Since it is Earth Day I thought I'd share my tips and tricks for composting.
A simple (lengthy) Composting 101:
What you need to compost:
-a spot to dump your peelings in the yard
-wood box, black bin or chicken wire
-commitment to dirt
We start with a compost bucket on our counter. You could use any sort of lidded container in any size. This vintage pot is what we had on hand and fills up in a 2 days or so...give or take.
Emptying the compost bucket is a perfect pint size chore.
Into this counter top bucket we toss a variety of goodies: veggie peelings, fruit skins, coffee grounds, tea bags, egg shells and dead flowers.
Do not put meat or dairy into your compost pile unless you wish to have rodents as pets.
be warned you may get rodents but frnakly rodents are everywhere so at least you know where they are...i recommend a dog to keep rodents away!
From the counter top to the compost pile.
We call our pile the coffin.
John built a few years ago and it is approx 6 ft x 2ft with 2 sections.
Prior to the coffin we had chicken wire wrapped around stakes...but then we had a dog.
Many folks like the black compost bins...we are too cheap to buy one but I bet you could find them on craigslist without much trouble.
Into the pile we dump our counter top bucket, garden cuttings, dead leaves and grass clippings.
Do not put weeds into your pile, they will multiple like rabbits.
We use covers for our compost pile...to keep animals out and heat in.
There are many methods for composting and many of them involve ratios of nitrogen and carbon and quite frankly I am not that good at math.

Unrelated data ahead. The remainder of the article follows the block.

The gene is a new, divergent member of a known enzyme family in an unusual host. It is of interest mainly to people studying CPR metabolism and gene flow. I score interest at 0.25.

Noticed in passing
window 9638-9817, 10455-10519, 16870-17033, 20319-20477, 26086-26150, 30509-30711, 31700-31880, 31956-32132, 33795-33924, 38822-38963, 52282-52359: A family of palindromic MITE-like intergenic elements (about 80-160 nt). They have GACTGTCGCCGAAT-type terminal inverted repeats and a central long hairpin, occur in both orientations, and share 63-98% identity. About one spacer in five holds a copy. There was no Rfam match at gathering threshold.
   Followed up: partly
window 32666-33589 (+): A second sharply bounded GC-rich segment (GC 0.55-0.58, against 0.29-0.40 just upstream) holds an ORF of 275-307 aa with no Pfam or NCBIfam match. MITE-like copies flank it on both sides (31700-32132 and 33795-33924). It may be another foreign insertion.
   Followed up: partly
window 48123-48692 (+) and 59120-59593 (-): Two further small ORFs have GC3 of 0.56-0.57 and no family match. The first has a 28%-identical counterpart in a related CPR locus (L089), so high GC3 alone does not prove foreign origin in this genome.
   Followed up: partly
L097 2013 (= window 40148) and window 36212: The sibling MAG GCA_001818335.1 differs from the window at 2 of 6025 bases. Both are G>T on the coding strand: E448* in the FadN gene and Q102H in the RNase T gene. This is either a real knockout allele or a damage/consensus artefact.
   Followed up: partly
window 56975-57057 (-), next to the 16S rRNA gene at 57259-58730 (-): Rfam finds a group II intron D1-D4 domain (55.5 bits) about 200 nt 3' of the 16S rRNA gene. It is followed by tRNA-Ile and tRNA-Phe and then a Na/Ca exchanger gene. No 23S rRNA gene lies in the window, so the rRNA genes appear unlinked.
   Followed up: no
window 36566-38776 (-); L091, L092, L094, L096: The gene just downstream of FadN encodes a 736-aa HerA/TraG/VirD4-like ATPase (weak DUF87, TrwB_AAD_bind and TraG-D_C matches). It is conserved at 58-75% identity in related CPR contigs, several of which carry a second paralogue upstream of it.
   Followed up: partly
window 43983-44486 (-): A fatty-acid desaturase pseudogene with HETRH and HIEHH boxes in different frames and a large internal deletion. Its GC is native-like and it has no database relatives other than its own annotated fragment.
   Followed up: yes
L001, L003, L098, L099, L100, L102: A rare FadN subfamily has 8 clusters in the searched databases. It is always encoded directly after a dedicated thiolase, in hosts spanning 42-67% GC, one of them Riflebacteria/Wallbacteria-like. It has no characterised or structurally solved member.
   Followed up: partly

We just throw it all on the pile, turn it with a pitchfork every time the bucket goes out.
We keep the pile damp and the worms happy.
The secret to compost is really in the worm casings.
The more worms and the happier the worms the more decomposing gets done.
Happy worms = good dirt.
About once or twice a year we "harvest" our pile.
Harvesting takes about an hour depending on who helps you.
What you need to harvest:
-sifter (John made ours with hardware screen and wood)
-trashcan or wheelbarrow for the dirt
-bucket for trash
-bucket for the non-compostables (pits, peanut shells, roots and big twigs)
To harvest, you pile the decomposed bits into your sifter screen, place screen over trash can (or wheelbarrow) and shake vigorously.
The dirt bits will fall through the screen.
Fish out all bits of trash...plastic ties and miscellaneous junk.
Toss the decayed bits that do not yet fit through the sifter back into the compost pile.
Toss them back on the "other side".
One side is for the "cooking" compost and one side is where you keep adding to.
Some large pits and sticks can be set aside for your green bin as part of trash pickup.
Repeat the process until your trash can is full of dirt glorious dirt and the side of the heap is down to the dirt.
You will notice a few rolly pollies and worms in your "new" dirt.
No fear, they are good for the garden.
A photo of the 2 sides.
left side: harvested and empty
right side: current pile with added big bits.
Step back and breath in the smell of good dirt.
Appreciate your aching shoulders (see how strong and capable you are) and see the beauty of your dirt.
You just saved yourself $20 of organic dirt for your garden.
Now your sides are switched.
left side: your add to pile
right side: get to cooking your compost
Give your piles a good soak and get to gardening.
* I forgot to show you a photo of the worms...but they are the star of the show.*
Please remember I am just an amateur but this system works well for us and was one of the first things we added to the backyard when we moved in 9 years ago.
If I can do it so can you...so get moving and start composting!